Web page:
President Donald Trump plans a “full-court press” as he begins an uphill battle to sell the Republicans’ long-awaited bill to repeal the landmark 2010 health care law.
Trump, Vice President Mike Pence, Cabinet secretaries and other administration officials plan to travel the nation and give interviews to local radio and television stations to promote the bill, which was introduced this week.
“We’re going to be aggressively . . . talking about the solution that we have for health care, both the need to repeal the current Obamacare system and the need to replace it with something that gives patients the choices and the costs that they need,” White House Press Secretary Sean Spicer told reporters at his daily briefing.
Trump is traveling to Louisville, Kentucky, on Saturday to talk about the bill, according to news reports.
On Wednesday, he met with conservative leaders about the bill, some of whom immediately opposed the legislation that was dubbed “Obamacare Lite” or “Obamacare 2.0.” Those in the meeting included David McIntosh of Club for Growth, Jim DeMint of Heritage, Tim Phillips of Americans for Prosperity, Adam Brandon of FreedomWorks, Mike Needham of Heritage Action and Jenny Beth Martin of Tea Party Patriots.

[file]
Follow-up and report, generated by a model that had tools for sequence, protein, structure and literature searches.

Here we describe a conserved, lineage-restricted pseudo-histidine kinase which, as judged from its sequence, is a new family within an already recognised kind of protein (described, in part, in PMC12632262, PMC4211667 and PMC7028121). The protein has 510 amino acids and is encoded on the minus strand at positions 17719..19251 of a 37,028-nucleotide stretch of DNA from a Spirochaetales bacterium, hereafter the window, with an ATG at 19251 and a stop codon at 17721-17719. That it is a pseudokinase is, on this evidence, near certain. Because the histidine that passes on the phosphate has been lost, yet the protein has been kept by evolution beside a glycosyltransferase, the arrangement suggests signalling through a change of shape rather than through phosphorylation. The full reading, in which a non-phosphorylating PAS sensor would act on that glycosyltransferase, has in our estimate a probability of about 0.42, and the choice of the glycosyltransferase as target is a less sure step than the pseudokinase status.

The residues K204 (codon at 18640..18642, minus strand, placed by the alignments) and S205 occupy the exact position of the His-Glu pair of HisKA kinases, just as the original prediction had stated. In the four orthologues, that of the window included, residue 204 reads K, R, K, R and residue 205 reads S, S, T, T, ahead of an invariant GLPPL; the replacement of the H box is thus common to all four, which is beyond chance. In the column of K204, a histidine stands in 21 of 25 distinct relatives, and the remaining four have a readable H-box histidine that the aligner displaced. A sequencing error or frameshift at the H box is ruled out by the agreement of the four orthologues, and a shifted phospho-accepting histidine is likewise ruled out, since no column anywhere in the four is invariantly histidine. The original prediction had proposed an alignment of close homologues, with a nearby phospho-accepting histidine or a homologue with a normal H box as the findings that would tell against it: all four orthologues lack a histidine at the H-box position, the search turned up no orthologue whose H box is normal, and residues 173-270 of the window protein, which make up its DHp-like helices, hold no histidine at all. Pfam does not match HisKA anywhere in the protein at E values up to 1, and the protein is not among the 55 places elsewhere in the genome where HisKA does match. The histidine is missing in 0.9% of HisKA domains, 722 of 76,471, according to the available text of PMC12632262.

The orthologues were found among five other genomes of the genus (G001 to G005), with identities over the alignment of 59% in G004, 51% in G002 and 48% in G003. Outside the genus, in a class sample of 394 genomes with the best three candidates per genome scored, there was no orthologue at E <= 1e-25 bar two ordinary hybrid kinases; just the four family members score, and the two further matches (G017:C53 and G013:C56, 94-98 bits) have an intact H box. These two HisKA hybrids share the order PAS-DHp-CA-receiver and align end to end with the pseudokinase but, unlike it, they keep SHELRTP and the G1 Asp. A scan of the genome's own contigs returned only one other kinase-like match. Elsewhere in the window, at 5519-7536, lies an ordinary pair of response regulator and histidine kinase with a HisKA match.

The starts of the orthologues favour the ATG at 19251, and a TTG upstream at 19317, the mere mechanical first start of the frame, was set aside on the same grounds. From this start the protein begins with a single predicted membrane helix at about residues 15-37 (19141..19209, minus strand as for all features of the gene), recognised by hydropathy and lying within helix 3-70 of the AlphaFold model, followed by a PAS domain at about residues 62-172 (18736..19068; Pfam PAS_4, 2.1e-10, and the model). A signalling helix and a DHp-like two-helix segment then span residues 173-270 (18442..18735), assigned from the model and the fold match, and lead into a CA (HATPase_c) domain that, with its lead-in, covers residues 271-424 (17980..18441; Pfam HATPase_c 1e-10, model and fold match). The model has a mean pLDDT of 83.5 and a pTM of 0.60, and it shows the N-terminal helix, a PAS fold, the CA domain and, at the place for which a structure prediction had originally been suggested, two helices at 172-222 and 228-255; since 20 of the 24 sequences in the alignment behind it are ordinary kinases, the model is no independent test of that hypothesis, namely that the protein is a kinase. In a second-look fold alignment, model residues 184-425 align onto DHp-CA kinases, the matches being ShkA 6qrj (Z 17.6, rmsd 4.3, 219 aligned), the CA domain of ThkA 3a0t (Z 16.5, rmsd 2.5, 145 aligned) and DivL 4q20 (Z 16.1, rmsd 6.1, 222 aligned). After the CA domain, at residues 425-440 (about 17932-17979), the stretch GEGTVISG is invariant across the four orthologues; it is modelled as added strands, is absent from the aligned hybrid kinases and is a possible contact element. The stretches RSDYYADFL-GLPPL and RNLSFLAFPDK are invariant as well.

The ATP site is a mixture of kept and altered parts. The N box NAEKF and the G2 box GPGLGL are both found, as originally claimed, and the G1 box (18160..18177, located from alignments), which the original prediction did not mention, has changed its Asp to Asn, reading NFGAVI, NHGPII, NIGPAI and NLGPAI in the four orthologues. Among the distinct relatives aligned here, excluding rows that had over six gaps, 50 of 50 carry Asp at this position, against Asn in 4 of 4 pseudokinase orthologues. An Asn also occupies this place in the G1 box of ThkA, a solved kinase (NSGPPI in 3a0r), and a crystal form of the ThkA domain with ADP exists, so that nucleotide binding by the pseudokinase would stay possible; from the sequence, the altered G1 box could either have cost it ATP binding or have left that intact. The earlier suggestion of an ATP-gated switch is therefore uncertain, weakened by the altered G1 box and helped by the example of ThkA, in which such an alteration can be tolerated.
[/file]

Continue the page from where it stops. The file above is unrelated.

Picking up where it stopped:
Trump had met Tuesday with the Republican House of Representatives whip team about selling the bill and has previously met with insurance executives, governors and attorneys general. He will speak to a group of lieutenant governors as well, Spicer said.
“We’re going to do something that’s great,” Trump said during the whip meeting. “And I am proud to support the replacement plan released by the House of Representatives. It follows the guidelines I laid out in my congressional address. . . . This will be a plan where you can choose your doctor and this will be a plan where you can choose your plan. And you know what the plan is. This is the plan.”
Pence participated in a slew of interviews Wednesday with conservative host Sean Hannity as well as local radio stations in Washington, D.C.; Grand Rapids, Michigan; Milwaukee; Cleveland; Pittsburgh; Charlotte, North Carolina; and Orlando, Florida.
Republican leaders hope to vote on the bill in the House, send it to the Senate and put it on Trump’s desk before Easter, though committee meetings on the bill’s details started off slowly earlier Wednesday.
“This is going to be a very, very aggressive, comprehensive approach to making sure that every American understands that there is a major problem and that we are here to fix it,” Spicer said.
Next week, the nonpartisan Congressional Budget Office is expected to say how much the proposal will add to federal budget deficits and how many people could lose health insurance coverage.
“If you’re looking to the CBO for accuracy, you’re looking in the wrong place,” Spicer said.